Electrical stimulation

If muscles lack proper nerve input (because of a peripheral nerve injury, spinal cord disorder, or stroke), the muscles quickly waste away (atrophy) and become stiff and contracted (spastic). Electrical stimulation by electrodes placed on the skin causes the muscles to contract, providing a form of exercise that helps prevent atrophy and spasticity.

One form of electrical stimulation—called transcutaneous electrical nerve stimulation (TENS)—uses low current that does not cause muscles to contract. TENS may be useful for chronic back pain, rheumatoid arthritis, a sprained ankle, shingles, or a localized area of pain. For TENS, a handheld, battery-powered device produces the current, which is applied through electrodes placed on the skin. The device produces a tingling sensation but is not painful.

TENS may be applied several times a day for 20 minutes to several hours, depending on the severity of the pain. Often, people can be taught to use the TENS device at home as needed. Most people tolerate the therapy well, but not all people experience pain relief. TENS may cause abnormal heart rhythms (arrhythmias). Thus, people who have a severe heart disorder or a pacemaker should not use it. TENS should not be applied to or near the eyes.


Neck (cervical) traction may be used in a hospital, rehabilitation center, or at home to treat chronic neck pain due to degeneration of bones in the neck (cervical spondylosis), a ruptured disk, whiplash injuries, or spasm of the neck muscles (torticollis—see Movement Disorders:Focal and segmental dystonias). Traction is more effective when people are sitting than when they are lying in bed. A system that uses a motor is usually most effective. Typically, traction is combined with other physical therapy, including exercises and stretching exercises. Although cervical traction devices are available through consumer catalogues, therapists should select the type of device and determine the amount of weight to be used. People should not use such devices alone. A family member should be available to release the weight gently, which reduces the risk of injury.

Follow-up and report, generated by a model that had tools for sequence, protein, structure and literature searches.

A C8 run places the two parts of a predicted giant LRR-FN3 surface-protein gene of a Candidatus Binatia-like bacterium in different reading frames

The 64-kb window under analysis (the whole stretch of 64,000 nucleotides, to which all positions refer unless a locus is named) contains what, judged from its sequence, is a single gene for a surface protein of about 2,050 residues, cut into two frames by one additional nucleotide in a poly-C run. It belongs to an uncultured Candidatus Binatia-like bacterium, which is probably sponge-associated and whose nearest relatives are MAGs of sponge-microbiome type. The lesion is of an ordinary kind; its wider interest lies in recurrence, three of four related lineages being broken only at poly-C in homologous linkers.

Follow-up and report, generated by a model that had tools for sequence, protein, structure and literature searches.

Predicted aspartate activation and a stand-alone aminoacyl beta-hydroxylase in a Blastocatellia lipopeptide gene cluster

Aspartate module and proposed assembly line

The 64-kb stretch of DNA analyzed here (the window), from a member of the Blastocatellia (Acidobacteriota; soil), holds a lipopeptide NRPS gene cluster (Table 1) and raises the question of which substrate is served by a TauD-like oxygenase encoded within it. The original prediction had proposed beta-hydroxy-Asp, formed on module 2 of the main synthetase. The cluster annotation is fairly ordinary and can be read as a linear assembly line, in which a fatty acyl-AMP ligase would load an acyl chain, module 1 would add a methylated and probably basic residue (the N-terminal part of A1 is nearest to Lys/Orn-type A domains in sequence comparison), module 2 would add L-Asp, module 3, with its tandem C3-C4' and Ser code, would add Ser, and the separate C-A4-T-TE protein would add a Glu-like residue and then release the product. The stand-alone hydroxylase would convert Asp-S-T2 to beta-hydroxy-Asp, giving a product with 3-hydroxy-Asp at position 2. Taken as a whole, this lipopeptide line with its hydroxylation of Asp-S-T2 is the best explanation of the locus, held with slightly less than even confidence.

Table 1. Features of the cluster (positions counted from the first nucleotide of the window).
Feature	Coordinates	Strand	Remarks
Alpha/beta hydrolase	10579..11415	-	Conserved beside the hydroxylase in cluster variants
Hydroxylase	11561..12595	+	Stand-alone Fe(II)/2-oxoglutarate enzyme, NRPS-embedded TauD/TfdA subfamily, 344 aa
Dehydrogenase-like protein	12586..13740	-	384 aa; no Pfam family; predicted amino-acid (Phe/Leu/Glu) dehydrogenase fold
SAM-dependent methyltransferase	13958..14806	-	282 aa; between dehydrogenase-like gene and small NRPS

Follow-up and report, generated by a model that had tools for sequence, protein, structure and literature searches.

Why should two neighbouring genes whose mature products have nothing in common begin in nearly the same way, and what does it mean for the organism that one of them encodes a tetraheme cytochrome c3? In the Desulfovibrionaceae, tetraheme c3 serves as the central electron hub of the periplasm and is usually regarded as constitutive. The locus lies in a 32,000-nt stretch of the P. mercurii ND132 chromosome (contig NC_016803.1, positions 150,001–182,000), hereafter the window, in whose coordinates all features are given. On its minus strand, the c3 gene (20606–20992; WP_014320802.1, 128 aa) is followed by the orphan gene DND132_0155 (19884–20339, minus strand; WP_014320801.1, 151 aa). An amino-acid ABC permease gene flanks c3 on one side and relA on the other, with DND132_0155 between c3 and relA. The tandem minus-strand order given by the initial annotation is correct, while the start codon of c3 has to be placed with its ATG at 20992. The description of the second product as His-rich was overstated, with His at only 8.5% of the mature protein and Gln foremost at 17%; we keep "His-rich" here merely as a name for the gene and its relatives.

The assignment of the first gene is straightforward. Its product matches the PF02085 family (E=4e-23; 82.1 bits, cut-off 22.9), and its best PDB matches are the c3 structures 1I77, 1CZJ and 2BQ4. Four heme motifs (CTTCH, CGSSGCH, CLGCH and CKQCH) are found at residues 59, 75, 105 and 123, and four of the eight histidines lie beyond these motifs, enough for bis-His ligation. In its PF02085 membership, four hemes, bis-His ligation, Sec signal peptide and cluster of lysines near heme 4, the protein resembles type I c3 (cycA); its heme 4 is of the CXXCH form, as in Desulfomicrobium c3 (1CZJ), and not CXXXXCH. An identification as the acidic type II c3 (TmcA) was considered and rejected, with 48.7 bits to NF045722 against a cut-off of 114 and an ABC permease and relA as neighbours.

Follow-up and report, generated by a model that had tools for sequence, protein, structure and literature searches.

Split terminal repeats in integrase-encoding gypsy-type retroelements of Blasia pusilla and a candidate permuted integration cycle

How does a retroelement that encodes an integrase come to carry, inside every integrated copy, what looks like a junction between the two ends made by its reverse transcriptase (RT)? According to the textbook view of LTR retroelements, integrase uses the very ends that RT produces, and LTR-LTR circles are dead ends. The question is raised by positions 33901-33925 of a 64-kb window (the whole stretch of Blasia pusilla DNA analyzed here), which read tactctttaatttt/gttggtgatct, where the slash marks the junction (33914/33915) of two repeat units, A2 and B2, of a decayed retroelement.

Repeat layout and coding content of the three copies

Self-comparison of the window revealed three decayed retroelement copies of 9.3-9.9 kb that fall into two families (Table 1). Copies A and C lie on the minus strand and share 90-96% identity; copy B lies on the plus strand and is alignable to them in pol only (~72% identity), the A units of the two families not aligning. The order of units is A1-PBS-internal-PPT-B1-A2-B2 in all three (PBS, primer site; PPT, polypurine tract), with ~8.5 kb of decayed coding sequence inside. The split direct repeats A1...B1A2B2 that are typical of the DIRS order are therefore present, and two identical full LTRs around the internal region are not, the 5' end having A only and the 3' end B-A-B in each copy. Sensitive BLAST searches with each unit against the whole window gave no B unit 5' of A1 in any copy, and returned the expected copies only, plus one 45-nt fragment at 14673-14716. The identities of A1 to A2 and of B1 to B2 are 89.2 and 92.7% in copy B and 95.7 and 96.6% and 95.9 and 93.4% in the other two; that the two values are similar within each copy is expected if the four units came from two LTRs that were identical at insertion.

Massage may relieve pain, reduce swelling, and help loosen tight (contracted) tissue. Only a licensed massage therapist should use massage to treat an injury. Massage should not be used to treat infections or inflammation due to blood clots (thrombophlebitis).

Some Uses for Massage

  • Amputation

  • Arthritis

  • Bruises

  • Bursitis

  • Cancer (certain types)

  • Cerebral palsy

  • Fibromyalgia

  • Fractures

  • Hemiplegia (paralysis of one side of the body)

  • Joint injuries

  • Low back pain

  • Multiple sclerosis

  • Neuritis

  • Paraplegia

  • Periarthritis

  • Peripheral nerve injuries

  • Quadriplegia

  • Sprains

  • Strains

  • Tight (contracted) tissues


Thin needles are inserted through the skin at specific body sites, often far from the site of pain. The needles may be twirled rapidly and intermittently for a few minutes, or a low electric current is applied through the needles. Acupuncture may stimulate the brain to produce endorphins. Endorphins, produced naturally in the brain, block pain sensations and reduce inflammation (see Complementary and Alternative Medicine (CAM):Acupuncture). Acupuncture is sometimes used with other treatments to manage recently developed or chronic pain and arthritis. Acupuncture should be done by a certified acupuncturist and with sterile needles.

Resources In This Article